Monday, March 07, 2011

Just back from being literary in Bath.

Doing an author session in the morning gave me the chance to reflect back on my career.
It made me realise how long it's been - thirty years! - and then there were the fifteen years before that which I seem to have spent trying NOT to get involved in theatre, because it scared me so much.

Realising that the new play for the Traverse - THE TREE OF KNOWLEDGE - which it looks likely they will put it on this autumn, makes it twenty years since they last put on one of my plays (LIGHT IN THE VILLAGE in 1991).

It was at the Traverse that I found my voice (LOSING VENICE, 1985) and it was my artistic home until that connection was finally severed round about 1994.
Which was when I first started openly to express myself as a transgendered writer.

One of the occupational hazards I have found in being trans is that I have tended to be excluded, and have tended to exclude myself, from just about everything.

Including queer culture.

But here I am.
And a lot of the discussion in the morning in Bath was about how my artistic practice has been shaped by my being trans.
Which of course it has been and continues to be. Even though it took me years and years to fully realise this.
But it's why my voice is different. Why EVERY ONE has a special quality. Why it is so hard for my work to attain the level of acceptance and respect it deserves.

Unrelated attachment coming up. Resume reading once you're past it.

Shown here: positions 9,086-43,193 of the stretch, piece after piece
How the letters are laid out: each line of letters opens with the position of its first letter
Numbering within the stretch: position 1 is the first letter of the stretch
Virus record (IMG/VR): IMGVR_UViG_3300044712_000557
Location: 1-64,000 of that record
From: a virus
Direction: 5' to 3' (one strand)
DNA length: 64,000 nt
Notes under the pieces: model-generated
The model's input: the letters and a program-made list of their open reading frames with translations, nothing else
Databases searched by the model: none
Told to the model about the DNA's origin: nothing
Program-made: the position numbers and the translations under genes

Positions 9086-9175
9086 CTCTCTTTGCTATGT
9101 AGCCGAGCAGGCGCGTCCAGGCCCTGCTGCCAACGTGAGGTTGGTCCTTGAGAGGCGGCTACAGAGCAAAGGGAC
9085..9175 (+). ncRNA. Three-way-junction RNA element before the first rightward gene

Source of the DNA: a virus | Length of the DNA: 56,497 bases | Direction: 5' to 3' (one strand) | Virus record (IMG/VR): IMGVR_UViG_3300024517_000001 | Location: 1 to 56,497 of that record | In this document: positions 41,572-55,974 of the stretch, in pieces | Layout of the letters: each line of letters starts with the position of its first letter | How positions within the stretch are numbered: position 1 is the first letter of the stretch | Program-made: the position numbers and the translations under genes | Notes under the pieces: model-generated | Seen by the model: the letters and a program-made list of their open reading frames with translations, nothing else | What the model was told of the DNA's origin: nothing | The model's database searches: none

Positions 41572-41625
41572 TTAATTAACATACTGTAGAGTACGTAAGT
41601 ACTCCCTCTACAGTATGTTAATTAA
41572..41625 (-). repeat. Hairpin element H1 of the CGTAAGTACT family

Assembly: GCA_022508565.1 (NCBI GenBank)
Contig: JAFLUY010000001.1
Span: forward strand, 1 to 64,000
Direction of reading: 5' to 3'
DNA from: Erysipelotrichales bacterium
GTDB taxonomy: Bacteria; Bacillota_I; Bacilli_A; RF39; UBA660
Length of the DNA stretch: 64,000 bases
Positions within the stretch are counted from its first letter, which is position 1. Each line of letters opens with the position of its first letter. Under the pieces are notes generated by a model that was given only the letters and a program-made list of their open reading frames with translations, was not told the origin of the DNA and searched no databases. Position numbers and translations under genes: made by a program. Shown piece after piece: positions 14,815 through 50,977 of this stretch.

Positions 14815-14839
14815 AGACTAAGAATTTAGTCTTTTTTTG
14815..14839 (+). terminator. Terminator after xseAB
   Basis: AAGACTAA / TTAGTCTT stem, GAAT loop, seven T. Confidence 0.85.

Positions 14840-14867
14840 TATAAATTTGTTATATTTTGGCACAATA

And it occurs to me that there is no tradition behind me. There's no other body of work to sustain me or for me to react against.
Which is one reason, I guess, why I am so proud of what I do.

That same evening I was involved in LEAVE TO REMAIN, which had sold out at the Mission Theatre.

It is a performance ritual that I co-created with a lovely actor/activist friend, Suzanne Dance, to help us through our bereavements, and that we perform with a wonderful cellist called Harriet Davidson.

And there's me, an openly trans woman, up on stage talking about the loss of my late wife Susie.

There's always a discussion afterwards, and almost always everyone talks about how grateful they are, and how moved they've been, to have the chance to acknowledge and honour their grief.

My being trans never comes up. Because  in the context of the things that matter, in the context of death and loss, it's just no big deal at all.

So sometimes I wonder what all the fuss is about.

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